Legislation is, however, not necessarily the key factor. The presence of a well-resourced personnel and management agency in a public service is usually a manifestation of investment in orderly practice and innovation. An illustration of this feature of administrative governance would be the post-war modernisation of the APS through application of information technology to administrative routines, a feature of Australian public sector practice which has been, historically, of great importance in constraining growth in employee numbers without detrimental consequence to performance or service.
Legislation is in part a product of its environment. The 1922 Act was, inter alia, designed for a small service staffing a small number of mainly small agencies in the pre-technological era of administration in a community with restricted educational opportunity and achievement. It was also framed by people with first-hand experience of the patronage, corruption and inefficiencies which marked the highly departmentalised public service of the Australian colonies in the first half-century of self-government, the fifty years, that is, which preceded federation.
The APS is now an Australia-wide entity with some very large organisations. In terms of office systems and technologies it is among the most advanced in the country. A new Act is certainly timely but it would not be inappropriate to recognise that those who drafted the 1922 Act, including Sir Robert Garran (a major architect, also, of the 1902 Act), produced a document of considerable resilience.
The new bill itself has its immediate genesis in a review of the legislation by a Review Group headed by the Inspector-General of Security, Ron McLeod, a long-serving official with much experience in industrial relations and public sector personnel management. The Review Group reported in December 1994.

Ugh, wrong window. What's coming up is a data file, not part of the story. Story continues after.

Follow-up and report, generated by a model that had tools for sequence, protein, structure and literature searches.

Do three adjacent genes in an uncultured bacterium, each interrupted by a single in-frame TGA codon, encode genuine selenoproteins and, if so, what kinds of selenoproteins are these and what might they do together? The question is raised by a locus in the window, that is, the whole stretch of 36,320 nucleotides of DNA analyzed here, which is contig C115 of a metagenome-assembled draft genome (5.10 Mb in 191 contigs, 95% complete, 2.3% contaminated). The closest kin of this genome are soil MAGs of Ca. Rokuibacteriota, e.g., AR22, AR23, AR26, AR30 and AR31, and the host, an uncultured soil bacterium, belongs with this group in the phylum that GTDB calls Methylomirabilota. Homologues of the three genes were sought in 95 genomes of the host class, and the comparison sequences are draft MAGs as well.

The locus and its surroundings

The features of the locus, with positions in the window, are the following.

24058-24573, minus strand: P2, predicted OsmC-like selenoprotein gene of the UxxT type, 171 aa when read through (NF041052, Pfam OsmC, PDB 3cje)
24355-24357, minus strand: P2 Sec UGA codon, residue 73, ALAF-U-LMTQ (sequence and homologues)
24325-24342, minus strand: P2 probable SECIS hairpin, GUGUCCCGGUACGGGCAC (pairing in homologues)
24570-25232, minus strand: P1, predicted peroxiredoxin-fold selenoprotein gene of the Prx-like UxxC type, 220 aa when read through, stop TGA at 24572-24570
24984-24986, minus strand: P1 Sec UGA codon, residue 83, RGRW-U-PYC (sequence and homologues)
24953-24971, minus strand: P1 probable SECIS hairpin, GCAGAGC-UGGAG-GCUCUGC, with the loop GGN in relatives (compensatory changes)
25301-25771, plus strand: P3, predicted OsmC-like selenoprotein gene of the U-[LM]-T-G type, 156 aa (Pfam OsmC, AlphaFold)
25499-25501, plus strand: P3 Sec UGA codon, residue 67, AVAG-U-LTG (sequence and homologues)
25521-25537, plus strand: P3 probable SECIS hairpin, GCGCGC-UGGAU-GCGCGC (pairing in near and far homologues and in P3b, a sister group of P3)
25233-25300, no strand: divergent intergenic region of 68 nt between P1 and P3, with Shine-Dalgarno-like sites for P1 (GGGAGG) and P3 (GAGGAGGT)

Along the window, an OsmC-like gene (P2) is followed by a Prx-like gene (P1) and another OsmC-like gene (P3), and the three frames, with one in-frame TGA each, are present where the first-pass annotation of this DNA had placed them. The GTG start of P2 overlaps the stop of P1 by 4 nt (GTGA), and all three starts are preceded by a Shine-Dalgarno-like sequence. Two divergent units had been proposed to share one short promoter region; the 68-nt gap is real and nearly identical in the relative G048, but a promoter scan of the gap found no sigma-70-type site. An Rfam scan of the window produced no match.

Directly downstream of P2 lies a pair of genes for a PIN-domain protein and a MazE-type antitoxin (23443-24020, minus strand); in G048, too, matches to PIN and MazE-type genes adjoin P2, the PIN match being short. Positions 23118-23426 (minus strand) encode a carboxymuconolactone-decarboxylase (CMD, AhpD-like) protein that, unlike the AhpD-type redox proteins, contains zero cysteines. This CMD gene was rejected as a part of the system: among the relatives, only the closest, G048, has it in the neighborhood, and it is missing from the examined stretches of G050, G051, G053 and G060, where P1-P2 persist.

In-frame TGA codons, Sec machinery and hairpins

The new legislation has an obvious connection with the report of the Review Group, although the form and character of its proposals bear a closer resemblance to the 1922 Act than does the 1997 bill. Some commentary on the Bill in relation to the Review Group proposals is included later in this paper.
The aim of this analysis is to describe the main features of the 1997 bill, to review the power structure which it creates for governance of the APS, and to compare the new legislation with that which it is designed to replace. It then appraises the legislation in terms of what appear to be some major matters of significance to the character and quality of administration such as efficiency, politicisation, merit and mobility.
The great strength of the new legislation is its general embodiment of current thinking about public service management. The core elements of current thinking are all conspicuous: significant, direct ministerial control, especially prime ministerial control, of the public service; agency-based management of administration; more focus on outcomes than processes with an expected significant efficiency gain in the reduction of 'red tape'; revival and re-establishment of management prerogative, with corresponding containment and reduction of union influence and employee rights; and minimal distinction between the public service workforce and private sector employment.
Within the policy framework, the legislation does not have inherent weaknesses per se, only a certain vagueness and looseness of language. Most problems may be seen to derive from the underlying policy. While it is brief in itself, the legislation only embodies a very small part of the public service system. There will be Commissioner's Directions, Classification Rules and new Regulations. Each agency will build a body of documentation, some of which will be obligatory. What will be of much interest in the next five to ten years is the extent to which agencies constructively take advantage of the opportunities now available, and of the extent to which self-management imposes costs which agencies are unable or unwilling to meet.